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Project Summary Sheet

U.S. Geological Survey, Greater Everglades Priority Ecosystems Science (PES) Initiative

Fiscal Year 2004 Study Summary Report

Study Title: Collection of Information on the Old World Climbing Fern for Use in a Model for Control of this Invading Vine
Study Start Date: 09/01/2002 Study End Date: 08/31/2005
Web Sites: ATLSS.ORG
Location: Arthur R. Marshall Loxahatchee National Wildlife Reserve
Funding Source: USGS Federal-State Partnership Funds
Principal Investigators: Donald L. DeAngelis. Phone 305-284-1690, U.S. Geological Survey, at Dept of Biology, University of Miami, Coral Gables, FL 33124. and Laura A. Brandt, A.R.M. Loxahatchee NWR, 10216 Lee Road, Boynton Beach, FL 33437 561/735-6000
Study Personnel: Erynn Call
Other Supporting Organizations: USGS/BRD, NPS, ACE, EPA
Associated Projects: Related to ATLSS Program

Overview & Objectives: Lygodium microphyllum (Old World climbing fern) is an aggressive and destructive EPPC category I invasive plant. It has spread, unabated, across the South Florida landscape compromising and destroying a plethora of habitats along the way. It is especially destructive to tree islands in the Greater Everglades. Lygodium's ability to spread rapidly and over a long range is a function of its reproductive structures, small spores that can be carried great distance by air currents. While one study has addressed the seasonality of Lygodium spore production, no one has examined the range of spore dispersal. There is a need to know the distribution of Old World climbing fern (a category I invasive exotic) on the Arthur R. Marshall Loxahatchee National Wildlife Refuge (ARMLNWR) and throughout South Florida, what factors affect its spread, and the most effective strategies for its control. This study has been designed to collect information on the Old World climbing fern in the Loxahatchee NWR: "Current distribution and control of the invasive Old World climbing fern on the ARMLNWR and in the South Florida ecosystem." The results of this study will provide core information needed for the control of Old World climbing fern on the refuge and throughout the South Florida Ecosystem.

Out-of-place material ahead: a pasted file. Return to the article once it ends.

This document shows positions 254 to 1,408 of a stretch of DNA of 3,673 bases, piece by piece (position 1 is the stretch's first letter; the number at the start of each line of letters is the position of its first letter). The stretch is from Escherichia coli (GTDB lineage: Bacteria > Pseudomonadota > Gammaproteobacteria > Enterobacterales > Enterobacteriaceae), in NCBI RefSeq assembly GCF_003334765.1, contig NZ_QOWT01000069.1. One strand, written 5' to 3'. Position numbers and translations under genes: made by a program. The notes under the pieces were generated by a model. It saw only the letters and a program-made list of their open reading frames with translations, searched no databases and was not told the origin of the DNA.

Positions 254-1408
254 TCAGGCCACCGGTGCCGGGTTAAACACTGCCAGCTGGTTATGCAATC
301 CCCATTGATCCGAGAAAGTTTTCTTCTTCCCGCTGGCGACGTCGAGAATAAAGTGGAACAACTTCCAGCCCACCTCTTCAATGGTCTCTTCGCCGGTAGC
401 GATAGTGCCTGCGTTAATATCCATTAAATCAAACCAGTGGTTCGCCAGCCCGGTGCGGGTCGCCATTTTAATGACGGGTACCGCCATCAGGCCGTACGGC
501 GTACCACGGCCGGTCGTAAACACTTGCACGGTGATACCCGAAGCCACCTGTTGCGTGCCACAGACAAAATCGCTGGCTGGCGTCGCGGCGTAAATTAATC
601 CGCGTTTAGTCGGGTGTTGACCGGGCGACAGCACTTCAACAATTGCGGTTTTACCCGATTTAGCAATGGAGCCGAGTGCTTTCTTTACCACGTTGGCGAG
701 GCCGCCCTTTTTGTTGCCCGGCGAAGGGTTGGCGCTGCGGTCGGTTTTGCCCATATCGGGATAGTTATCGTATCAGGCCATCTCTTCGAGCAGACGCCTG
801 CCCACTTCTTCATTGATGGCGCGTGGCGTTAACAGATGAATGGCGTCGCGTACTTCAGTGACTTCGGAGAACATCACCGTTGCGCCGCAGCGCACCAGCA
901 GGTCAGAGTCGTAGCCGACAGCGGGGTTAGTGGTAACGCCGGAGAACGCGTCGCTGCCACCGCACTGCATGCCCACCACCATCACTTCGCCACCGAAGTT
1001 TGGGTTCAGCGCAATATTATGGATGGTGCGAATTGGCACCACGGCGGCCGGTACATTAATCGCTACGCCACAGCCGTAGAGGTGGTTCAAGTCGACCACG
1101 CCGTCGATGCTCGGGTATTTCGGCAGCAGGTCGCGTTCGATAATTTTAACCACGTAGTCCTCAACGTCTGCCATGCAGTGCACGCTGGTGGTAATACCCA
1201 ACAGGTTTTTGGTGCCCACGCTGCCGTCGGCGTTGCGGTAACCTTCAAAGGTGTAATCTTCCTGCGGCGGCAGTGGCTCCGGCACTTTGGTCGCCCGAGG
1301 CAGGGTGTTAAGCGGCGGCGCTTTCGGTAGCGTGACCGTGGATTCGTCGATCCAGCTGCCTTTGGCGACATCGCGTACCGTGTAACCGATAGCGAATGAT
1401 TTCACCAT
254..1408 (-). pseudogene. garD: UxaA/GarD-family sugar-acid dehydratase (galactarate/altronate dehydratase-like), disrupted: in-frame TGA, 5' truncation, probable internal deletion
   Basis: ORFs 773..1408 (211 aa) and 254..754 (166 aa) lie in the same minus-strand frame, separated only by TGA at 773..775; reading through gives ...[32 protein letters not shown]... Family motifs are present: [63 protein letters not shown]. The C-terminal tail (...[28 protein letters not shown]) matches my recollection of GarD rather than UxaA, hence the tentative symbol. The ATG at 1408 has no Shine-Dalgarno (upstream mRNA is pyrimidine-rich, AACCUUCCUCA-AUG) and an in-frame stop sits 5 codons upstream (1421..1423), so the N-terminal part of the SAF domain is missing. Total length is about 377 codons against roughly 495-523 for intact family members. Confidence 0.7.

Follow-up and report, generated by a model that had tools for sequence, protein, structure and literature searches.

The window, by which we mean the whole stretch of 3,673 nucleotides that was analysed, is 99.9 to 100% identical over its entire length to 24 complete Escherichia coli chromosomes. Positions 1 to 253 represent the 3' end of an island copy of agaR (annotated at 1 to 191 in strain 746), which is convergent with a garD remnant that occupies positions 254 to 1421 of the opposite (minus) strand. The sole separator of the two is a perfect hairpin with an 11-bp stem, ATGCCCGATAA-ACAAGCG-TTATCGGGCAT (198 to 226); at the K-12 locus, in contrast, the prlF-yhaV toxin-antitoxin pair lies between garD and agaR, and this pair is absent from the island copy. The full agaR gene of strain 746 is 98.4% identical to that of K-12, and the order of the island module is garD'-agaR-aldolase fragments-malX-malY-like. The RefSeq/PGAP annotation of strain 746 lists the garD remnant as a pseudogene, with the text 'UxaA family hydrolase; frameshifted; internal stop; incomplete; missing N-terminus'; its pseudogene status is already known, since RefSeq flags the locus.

Status: During the first year of this study, mapping of Lygodium in ARMLNWR was performed. Studies on the dispersal of spores between tree islands in ARMLNWR was started in year 1 and continued into year two. The methodology employed two spore traps that could record spore deposition at one point due to dispersal from sites already occupied by Lygodium.

Recent Products: During the past year, studies on the ability of Lygodium to germinate under different conditions have been performed. Reports are due soon. In addition, under different funding, but coordinated with this project, a spatial model of Lygodium has been developed and parameterized. The model allows management policies for the control of the fern to be simulated.

Planned Products: The final phase of this project will be the development of a User Interface for the demographic model for the spread and control of Lygodium.

Specific Relevance to Information Needs Identified in DOI's Science Plan in Support of Ecosystem Restoration, Preservation, and Protection in South Florida (DOI's Everglades Science Plan) [See Plan on SOFIA's Web site:]: This project is explicitly designed to address the needs of Invasive Exotic Plant Management on the Arthur R. Marshall Loxahatchee National Wildlife Refuge (page 120 of Science Plan).

Key Findings:

  1. Mapping of distribution of Lygodium in Arthur R. Marshall Loxahatchee National Wildlife Refuge
  2. Estimation of spread of spores from Lygodium as a function of distance from source.
  3. Determination of germination success of Lygodium in different soil, water, and detrital media
  4. Development of a demographic model of Lygodium that can be used by managers to aid in control.

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